Essential farm visits require diligence, says UFU
Ivor Ferguson, president, UFU.
Ulster Farmers’ Union (UFU) is urging farmers to be extra careful when interacting with essential farm visitors. This includes milk lorry and animal feed drivers.
Northern Ireland is taking measures to reduce the impact of Covid-19 and it is vital that members are taking all precautions on-farm, as well as off-farm, to support these efforts.
“Milk collections and feed deliveries are an integral part of the daily routine on farms,” said Ivor Ferguson, president, UFU. “So much so that our farmers engage directly with drivers without thinking about the interaction. However, with the Covid-19 outbreak we’re urging our farmers to make changes to how they would normally assist essential farm visitors.
“Farmers and drivers should heed Government recommendations about social distancing and ensure they’re always at least two metres apart. It is a simple measure which will make a huge difference in the battle against Covid-19.”
Milk collection is the most essential aspect of dairy supply and should remain uninterrupted. Dairy companies are keen to stress that there is a very limited number of milk tanker drivers with experience of on-farm milk collection. Feed delivery is also of the upmost importance as many livestock farmers depend on this regular visit.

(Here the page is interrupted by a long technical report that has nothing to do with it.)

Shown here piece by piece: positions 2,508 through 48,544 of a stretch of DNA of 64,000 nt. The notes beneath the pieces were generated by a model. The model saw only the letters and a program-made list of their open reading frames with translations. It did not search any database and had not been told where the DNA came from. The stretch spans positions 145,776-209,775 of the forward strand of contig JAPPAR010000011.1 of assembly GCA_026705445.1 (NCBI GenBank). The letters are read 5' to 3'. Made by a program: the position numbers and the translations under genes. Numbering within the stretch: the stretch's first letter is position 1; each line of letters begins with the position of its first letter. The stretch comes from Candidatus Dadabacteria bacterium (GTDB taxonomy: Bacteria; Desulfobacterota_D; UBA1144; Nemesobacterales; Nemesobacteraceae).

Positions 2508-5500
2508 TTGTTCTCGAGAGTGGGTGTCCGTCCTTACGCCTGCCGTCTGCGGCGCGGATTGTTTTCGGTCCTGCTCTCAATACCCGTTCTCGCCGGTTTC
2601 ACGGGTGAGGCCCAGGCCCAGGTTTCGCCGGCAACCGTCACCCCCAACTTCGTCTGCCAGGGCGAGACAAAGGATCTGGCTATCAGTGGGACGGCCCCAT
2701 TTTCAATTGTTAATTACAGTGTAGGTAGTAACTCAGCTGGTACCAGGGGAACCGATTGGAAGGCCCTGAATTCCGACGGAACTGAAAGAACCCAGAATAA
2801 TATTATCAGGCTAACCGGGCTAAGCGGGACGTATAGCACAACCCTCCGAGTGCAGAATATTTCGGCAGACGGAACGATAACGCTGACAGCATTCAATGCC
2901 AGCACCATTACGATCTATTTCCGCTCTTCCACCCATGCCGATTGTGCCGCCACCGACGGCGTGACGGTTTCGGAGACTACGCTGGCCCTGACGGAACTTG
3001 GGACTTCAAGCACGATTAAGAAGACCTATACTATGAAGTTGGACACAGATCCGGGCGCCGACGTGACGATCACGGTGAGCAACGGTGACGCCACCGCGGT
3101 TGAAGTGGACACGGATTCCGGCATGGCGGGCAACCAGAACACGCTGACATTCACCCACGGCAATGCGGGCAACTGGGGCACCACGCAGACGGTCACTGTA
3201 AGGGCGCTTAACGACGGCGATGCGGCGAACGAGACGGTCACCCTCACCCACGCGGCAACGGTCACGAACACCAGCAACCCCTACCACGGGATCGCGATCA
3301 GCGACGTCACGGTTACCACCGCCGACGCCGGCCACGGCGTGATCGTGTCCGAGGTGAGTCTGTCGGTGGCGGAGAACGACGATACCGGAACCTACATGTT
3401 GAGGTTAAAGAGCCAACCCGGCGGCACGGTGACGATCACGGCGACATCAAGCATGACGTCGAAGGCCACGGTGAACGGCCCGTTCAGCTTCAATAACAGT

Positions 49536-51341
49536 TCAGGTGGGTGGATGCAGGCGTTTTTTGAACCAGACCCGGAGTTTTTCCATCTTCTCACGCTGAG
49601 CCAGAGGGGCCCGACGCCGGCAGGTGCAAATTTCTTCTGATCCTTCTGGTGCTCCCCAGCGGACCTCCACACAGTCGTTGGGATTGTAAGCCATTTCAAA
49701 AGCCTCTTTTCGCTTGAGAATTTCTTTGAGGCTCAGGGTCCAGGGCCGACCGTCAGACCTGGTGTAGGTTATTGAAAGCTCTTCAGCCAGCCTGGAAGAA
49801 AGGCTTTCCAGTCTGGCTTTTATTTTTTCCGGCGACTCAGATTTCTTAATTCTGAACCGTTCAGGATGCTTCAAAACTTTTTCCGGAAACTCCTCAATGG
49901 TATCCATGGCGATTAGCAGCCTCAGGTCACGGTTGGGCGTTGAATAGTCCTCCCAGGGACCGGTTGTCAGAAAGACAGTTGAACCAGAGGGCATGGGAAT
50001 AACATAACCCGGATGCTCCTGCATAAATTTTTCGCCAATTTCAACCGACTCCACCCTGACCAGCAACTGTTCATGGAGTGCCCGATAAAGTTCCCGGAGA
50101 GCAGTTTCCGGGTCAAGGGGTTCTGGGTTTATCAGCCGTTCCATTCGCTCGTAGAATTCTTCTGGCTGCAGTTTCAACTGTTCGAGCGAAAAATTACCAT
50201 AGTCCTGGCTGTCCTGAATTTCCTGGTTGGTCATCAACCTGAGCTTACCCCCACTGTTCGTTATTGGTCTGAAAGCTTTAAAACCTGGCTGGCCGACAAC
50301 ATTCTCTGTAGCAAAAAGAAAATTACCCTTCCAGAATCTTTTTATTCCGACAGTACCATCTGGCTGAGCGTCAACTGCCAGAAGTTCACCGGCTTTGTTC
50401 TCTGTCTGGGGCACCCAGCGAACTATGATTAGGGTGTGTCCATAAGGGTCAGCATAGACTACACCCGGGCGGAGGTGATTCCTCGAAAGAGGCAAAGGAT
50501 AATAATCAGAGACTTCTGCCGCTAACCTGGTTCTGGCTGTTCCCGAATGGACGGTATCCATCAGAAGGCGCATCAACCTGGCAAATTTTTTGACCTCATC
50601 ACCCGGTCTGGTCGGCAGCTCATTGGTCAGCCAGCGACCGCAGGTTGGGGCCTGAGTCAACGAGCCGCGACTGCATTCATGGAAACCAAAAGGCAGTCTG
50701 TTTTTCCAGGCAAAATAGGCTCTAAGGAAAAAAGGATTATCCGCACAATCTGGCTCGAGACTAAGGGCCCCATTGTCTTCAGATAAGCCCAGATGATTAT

UFU is asking farmers to take on board the following advice concerning milk collection and the animal feed delivery process:
- Let drivers do their job in isolation and avoid unnecessary social contact
- Ensure that drivers have easy access to bulk tanks and feed bins
- Clear identification and signage on farms will assist new drivers
Livestock marts is another aspect of agriculture life that will involve change due to the Covid-19 outbreak. Marts across Northern Ireland are putting their own measures in place to help prevent the rapid spread of the infection. Farmers who are planning on visiting their local mart should visit their Facebook page or contact them directly to find out how the process of sales will be conducted.
“The agri industry needs to act now,” said Ferguson. “We need to take every precaution we can to protect one another and help our healthcare professionals safeguard the people of Northern Ireland. By being extra careful as we carry out day-to-day farming tasks, we’re ensuring that the food supply chain operates without any glitches.
“Our farmers will play their part in tackling the biggest health challenge of our generation by continuing to produce quality food for the nation. Their commitment to food production will help ensure shop shelves remain stocked and consumers can purchase goods without difficulty.”